*Sorry Dad.


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Baños

While writing programme information for a travel agency in Quito I wrote so many descriptions for Baños that I lost count. One day I decided that I should go to Baños and check it out for myself. All for the benefit of my work, of course 😉

Baños is a town about 3 hours south of Quito by bus, still in the mountains but at a lower altitude. It is overshadowed by the Tungurahua Volcano, which erupted in July without causing any damage to the town. The town gets its name from the baths heated by the volcano, much like the town Bath in England is named after the Roman baths. Baños is really easy to get to because buses leave regularly from the south terminal in Quito, although getting to the south terminal takes a long time in itself. Buses in Ecuador are fantastic. Ridiculously comfy with ample legroom, long distance buses usually show films on a big telly at the front to keep passengers entertained. Obviously you have to keep a hold of your bag, but so far I’ve had no trouble. Often the terrible films give you something to talk to your neighbour about, as I discovered when I had to sit through Anaconda and my neighbour and I laughed so hard we were reduced to tears.

We did Baños Friday-Sunday, arriving late Thursday and leaving early Sunday. We stayed in the Hostal Nomada near the bus station, which is nice but you need to be careful because the owner is prone to ripping off tourists. It also doesn’t have dorms but private bedrooms so can be expensive for the solo traveller (which it turned out I was to be during the trip, otherwise known as The Time I Accidentally Went On A Weekend Away With Three Couples). The town is really small so everything is very close and accessible on foot so it takes very little time to get anywhere, unless you spend half an hour looking for a restaurant that doesn’t actually exist because your friend remembered the name wrong.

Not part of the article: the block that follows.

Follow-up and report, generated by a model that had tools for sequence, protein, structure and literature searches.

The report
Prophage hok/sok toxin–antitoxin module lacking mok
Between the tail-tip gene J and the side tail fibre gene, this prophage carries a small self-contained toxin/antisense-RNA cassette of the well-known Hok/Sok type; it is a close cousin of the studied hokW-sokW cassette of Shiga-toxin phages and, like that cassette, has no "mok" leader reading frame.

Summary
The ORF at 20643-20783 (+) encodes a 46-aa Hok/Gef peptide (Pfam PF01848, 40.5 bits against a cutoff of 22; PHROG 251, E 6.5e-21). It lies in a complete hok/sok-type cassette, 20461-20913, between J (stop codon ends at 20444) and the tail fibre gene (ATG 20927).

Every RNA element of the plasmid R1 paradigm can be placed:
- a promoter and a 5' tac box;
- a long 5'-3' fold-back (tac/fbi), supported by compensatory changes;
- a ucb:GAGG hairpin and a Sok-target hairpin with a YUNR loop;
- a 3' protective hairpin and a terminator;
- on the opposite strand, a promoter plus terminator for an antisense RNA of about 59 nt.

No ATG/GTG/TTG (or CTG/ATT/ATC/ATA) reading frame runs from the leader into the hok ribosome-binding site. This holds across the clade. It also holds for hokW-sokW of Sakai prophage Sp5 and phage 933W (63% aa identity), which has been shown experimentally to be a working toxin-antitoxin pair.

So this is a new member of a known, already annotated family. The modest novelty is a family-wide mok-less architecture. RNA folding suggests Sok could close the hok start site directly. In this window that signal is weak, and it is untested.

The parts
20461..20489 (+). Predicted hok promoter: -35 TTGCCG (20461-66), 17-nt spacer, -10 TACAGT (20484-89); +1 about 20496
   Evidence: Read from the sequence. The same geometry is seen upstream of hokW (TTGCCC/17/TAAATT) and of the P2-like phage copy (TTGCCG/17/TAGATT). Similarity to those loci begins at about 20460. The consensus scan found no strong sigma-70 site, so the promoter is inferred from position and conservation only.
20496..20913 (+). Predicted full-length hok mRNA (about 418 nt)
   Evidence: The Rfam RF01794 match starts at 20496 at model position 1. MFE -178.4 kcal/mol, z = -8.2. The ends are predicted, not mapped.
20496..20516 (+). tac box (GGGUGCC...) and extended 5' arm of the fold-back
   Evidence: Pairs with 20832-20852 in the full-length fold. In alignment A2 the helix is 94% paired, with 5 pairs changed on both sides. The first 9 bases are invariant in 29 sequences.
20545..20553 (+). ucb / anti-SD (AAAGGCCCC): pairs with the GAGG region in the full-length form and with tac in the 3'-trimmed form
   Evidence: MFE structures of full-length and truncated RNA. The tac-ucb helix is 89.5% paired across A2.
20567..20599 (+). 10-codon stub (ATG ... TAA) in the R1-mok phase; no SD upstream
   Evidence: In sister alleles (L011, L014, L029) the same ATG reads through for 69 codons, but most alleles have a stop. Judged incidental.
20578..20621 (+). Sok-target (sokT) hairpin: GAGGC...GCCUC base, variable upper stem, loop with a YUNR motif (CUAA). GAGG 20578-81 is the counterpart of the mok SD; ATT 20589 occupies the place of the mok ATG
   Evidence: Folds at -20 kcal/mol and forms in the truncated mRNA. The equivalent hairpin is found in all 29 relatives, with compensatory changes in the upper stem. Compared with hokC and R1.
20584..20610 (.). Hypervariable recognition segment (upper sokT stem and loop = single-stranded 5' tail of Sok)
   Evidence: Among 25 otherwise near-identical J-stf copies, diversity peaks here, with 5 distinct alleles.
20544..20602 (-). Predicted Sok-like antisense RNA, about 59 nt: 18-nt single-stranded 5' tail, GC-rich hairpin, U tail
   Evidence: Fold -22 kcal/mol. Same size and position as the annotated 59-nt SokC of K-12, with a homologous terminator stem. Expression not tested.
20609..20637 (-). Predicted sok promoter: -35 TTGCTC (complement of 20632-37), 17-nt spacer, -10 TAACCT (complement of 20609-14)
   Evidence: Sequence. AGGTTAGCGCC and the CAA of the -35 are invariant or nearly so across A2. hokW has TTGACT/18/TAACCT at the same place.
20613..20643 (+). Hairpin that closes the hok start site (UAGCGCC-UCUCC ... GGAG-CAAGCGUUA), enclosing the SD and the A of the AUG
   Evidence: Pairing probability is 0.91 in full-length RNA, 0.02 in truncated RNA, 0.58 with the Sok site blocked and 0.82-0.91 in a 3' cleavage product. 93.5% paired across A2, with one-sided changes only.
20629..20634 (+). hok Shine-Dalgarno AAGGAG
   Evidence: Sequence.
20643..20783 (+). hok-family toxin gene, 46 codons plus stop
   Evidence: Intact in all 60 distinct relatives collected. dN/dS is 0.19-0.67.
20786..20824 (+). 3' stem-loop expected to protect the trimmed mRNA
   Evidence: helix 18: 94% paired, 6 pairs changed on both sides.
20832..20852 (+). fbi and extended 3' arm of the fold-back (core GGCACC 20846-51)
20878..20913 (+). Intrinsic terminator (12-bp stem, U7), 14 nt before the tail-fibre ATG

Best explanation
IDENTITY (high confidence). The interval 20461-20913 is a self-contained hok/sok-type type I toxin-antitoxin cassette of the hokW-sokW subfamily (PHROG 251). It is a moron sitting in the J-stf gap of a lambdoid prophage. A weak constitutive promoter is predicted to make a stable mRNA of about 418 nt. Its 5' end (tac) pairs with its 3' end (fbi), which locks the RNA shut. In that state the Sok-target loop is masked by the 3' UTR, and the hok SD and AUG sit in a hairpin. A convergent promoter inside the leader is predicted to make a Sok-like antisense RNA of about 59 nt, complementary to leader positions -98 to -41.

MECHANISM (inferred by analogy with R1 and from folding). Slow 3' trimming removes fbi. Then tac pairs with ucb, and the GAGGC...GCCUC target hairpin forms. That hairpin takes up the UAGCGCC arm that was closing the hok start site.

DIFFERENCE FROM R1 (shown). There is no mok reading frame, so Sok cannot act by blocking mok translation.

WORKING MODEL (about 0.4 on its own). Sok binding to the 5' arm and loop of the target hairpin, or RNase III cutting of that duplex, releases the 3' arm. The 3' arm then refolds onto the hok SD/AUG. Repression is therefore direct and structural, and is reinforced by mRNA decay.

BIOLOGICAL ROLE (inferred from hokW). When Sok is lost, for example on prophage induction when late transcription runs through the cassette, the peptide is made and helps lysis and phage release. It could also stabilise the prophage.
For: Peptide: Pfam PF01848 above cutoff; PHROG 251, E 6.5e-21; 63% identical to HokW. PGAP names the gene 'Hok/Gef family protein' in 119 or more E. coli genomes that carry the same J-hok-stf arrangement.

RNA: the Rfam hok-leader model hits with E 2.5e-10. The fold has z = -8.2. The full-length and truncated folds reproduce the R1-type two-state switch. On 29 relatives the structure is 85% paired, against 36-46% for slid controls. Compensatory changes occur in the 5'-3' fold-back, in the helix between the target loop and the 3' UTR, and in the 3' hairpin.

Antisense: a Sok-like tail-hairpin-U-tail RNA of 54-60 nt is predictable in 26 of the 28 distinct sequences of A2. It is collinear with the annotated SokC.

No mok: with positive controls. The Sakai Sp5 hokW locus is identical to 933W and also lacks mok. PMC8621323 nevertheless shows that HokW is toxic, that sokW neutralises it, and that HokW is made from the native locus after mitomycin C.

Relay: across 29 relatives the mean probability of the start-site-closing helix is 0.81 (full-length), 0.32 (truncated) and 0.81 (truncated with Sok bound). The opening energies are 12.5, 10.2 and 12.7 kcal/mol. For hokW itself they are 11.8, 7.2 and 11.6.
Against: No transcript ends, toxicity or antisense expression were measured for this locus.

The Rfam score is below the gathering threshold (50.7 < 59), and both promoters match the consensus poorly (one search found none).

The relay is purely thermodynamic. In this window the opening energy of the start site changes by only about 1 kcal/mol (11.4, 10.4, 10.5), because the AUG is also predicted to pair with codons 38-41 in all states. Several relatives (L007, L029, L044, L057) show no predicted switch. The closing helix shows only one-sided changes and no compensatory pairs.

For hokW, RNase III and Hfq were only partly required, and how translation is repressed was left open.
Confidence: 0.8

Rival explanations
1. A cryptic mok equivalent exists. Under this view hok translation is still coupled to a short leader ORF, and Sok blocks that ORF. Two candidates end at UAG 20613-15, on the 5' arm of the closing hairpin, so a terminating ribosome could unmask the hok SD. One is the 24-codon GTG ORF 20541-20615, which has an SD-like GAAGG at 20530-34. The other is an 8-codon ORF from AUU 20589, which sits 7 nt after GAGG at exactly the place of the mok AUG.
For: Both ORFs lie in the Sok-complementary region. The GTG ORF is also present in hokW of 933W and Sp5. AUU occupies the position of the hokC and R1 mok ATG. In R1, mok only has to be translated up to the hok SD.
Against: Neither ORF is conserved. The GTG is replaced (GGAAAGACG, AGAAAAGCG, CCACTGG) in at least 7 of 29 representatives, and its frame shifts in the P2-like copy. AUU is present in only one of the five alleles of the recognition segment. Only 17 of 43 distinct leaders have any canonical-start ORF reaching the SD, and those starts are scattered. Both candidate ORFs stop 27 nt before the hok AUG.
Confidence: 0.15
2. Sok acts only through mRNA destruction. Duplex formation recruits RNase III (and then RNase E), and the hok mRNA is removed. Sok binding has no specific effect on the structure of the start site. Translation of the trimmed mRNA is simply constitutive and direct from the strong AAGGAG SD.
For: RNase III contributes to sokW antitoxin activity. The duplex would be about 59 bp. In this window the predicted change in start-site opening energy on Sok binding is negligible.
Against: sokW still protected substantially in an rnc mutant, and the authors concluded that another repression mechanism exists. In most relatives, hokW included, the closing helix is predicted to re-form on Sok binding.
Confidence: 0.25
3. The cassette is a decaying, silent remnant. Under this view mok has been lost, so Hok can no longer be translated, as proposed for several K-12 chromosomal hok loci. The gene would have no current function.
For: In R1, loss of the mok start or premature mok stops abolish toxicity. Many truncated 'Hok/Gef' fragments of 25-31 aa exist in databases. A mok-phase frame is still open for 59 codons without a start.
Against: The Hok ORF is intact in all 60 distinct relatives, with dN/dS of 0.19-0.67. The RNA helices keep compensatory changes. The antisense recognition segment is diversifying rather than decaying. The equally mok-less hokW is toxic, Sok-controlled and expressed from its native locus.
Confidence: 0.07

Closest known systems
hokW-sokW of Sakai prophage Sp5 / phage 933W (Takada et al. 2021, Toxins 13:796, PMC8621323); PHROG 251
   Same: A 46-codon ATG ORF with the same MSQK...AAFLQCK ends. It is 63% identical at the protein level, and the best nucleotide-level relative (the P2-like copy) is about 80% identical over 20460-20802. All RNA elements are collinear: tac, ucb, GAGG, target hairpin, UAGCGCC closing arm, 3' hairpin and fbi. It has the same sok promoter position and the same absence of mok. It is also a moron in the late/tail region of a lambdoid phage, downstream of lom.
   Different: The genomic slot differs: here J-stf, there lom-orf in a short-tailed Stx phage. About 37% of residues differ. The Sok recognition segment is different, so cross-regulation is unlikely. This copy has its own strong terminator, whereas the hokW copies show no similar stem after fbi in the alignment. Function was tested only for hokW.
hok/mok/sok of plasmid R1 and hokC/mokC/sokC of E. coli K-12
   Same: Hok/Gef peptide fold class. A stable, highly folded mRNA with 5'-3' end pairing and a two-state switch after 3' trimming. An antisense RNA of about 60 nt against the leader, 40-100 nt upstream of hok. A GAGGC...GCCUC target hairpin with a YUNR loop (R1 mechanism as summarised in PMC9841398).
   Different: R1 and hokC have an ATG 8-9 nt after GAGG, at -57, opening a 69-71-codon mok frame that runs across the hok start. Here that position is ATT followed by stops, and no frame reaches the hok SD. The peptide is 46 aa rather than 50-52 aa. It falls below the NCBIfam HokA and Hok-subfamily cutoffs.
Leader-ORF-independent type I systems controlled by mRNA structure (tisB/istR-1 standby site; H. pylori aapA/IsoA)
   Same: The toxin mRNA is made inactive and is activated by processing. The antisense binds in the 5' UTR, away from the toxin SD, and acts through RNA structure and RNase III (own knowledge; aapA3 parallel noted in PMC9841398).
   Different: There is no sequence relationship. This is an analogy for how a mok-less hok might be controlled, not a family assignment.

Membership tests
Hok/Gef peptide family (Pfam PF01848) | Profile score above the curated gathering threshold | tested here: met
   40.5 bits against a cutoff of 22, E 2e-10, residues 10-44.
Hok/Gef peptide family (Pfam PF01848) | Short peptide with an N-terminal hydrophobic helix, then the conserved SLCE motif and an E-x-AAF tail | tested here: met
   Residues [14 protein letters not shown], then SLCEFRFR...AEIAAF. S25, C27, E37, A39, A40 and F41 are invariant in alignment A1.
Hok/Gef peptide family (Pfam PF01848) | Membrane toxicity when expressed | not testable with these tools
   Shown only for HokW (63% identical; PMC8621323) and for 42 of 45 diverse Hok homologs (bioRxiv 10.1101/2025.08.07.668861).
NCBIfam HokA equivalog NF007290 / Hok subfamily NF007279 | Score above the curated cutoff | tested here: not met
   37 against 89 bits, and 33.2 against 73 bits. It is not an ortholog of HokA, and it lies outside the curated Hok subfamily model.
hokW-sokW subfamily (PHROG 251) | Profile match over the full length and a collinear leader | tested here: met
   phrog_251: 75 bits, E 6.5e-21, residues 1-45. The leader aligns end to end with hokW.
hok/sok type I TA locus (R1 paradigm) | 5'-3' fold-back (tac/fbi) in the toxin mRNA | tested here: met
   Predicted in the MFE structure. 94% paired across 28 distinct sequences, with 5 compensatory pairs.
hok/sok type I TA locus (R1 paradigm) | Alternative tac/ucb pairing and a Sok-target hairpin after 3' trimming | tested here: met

On the Friday it was just Pearl, Carlos and me. We decided to go on a chiva (a wooden, open bus) to see the famous waterfalls, of which there are many. We found the cheapest way to do it was to pay the driver directly, spending $3 rather than the $5 most of the shops and hostels were charging. Often used as party buses, the back of the chiva has an open space with a pole in it. We sat in the back where we were entertained by a Puerto Rican dad whose dancing was hilarious a wonder to behold. I would marry one of his sons just to have him as a father-in-law. The advantage of the open layout is that you can see all the views of the valleys, rivers and mountains, which are beautiful. At our first waterfall we went in an aerial tram across the river to get a better view, which was a lot of fun but I think there are probably better ones. Each chiva seems to have a particular friend with a business they always stop at.

At one of the stops we did canopying, which was really fun. Attached to a wire in one of various positions (superman, upside down and sitting among others) you glide over a valley or a severe drop as if you are flying while admiring the view.

The best part, however, was the Pailon del Diablo, by far the biggest waterfall. This waterfall is very iconic in terms of Ecuadorian tourism because photos of it are always used in adverts. There are two entrances, the one we took went down a very steep suspension bridge to underneath the waterfall, where we got completely soaked. The other entrance, however, is far more impressive and visible from the bridge. It features steep stone steps in the rock that go nearer to the bottom of the waterfall and I hear gives stunning views.